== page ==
The Soviet Union and Its Successors



For the greater part of the post-Second World War period international relations were dominated by the East-West conflict, the struggle between the two superpowers, the United States and the Soviet Union. In that struggle human rights have played a role of considerable importance, especially since the signing of the Helsinki agreements of 1975 until the demise of the Soviet Union in 1991. Indeed, if one wants to understand world politics for the greater part of the twentieth century, the study of the foreign policy of the Soviet Union — as well as that of the United States — is indispensable. Although most of this is now a matter of the past, it is a still very recent past. Much of what is happening in Central and Eastern Europe can only be understood if one is aware of the major changes that have taken place very recently in political life in general in that part of the world, including in the area of human rights. That is why this book about the role of human rights in foreign policy contains a chapter on the foreign policy of what used to be the Soviet Union and its successors.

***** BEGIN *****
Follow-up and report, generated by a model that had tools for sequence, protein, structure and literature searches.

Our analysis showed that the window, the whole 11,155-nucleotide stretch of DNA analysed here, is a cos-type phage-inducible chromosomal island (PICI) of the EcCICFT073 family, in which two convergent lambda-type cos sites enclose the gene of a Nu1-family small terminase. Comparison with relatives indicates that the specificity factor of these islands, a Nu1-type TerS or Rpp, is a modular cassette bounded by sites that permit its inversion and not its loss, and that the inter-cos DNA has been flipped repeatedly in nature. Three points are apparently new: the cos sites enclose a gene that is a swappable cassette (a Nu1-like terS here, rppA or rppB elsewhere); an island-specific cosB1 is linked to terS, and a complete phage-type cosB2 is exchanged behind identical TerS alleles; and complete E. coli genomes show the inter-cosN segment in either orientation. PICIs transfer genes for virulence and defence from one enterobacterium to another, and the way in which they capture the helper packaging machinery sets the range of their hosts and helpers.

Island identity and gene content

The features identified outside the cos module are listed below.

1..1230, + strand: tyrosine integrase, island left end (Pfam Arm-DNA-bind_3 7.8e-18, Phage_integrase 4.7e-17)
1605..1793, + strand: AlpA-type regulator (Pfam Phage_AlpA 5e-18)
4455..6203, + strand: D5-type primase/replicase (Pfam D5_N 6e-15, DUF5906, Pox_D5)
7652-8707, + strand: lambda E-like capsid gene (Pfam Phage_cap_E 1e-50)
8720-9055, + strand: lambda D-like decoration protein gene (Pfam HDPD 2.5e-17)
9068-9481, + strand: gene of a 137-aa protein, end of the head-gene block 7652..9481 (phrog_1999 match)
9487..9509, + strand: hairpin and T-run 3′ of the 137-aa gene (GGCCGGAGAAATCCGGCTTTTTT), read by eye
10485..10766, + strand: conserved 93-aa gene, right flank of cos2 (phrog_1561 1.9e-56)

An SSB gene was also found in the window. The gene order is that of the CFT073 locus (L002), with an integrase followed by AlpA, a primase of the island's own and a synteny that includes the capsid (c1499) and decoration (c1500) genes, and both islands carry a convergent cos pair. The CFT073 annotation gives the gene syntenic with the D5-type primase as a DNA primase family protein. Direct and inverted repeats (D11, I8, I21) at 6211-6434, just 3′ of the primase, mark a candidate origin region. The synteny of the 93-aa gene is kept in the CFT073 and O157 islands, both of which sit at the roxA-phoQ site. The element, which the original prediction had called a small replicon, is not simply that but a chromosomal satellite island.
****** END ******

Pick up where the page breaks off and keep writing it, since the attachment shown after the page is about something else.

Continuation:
Foreign Policy Universal Declaration National Sovereignty Political Prisoner Party Secretary 
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Copyright information

© Peter R. Baehr 1994

Authors and Affiliations

  1. 1.Leiden University and Utrecht UniversityThe Netherlands
  2. 2.Netherlands Institute of Human RightsThe Netherlands

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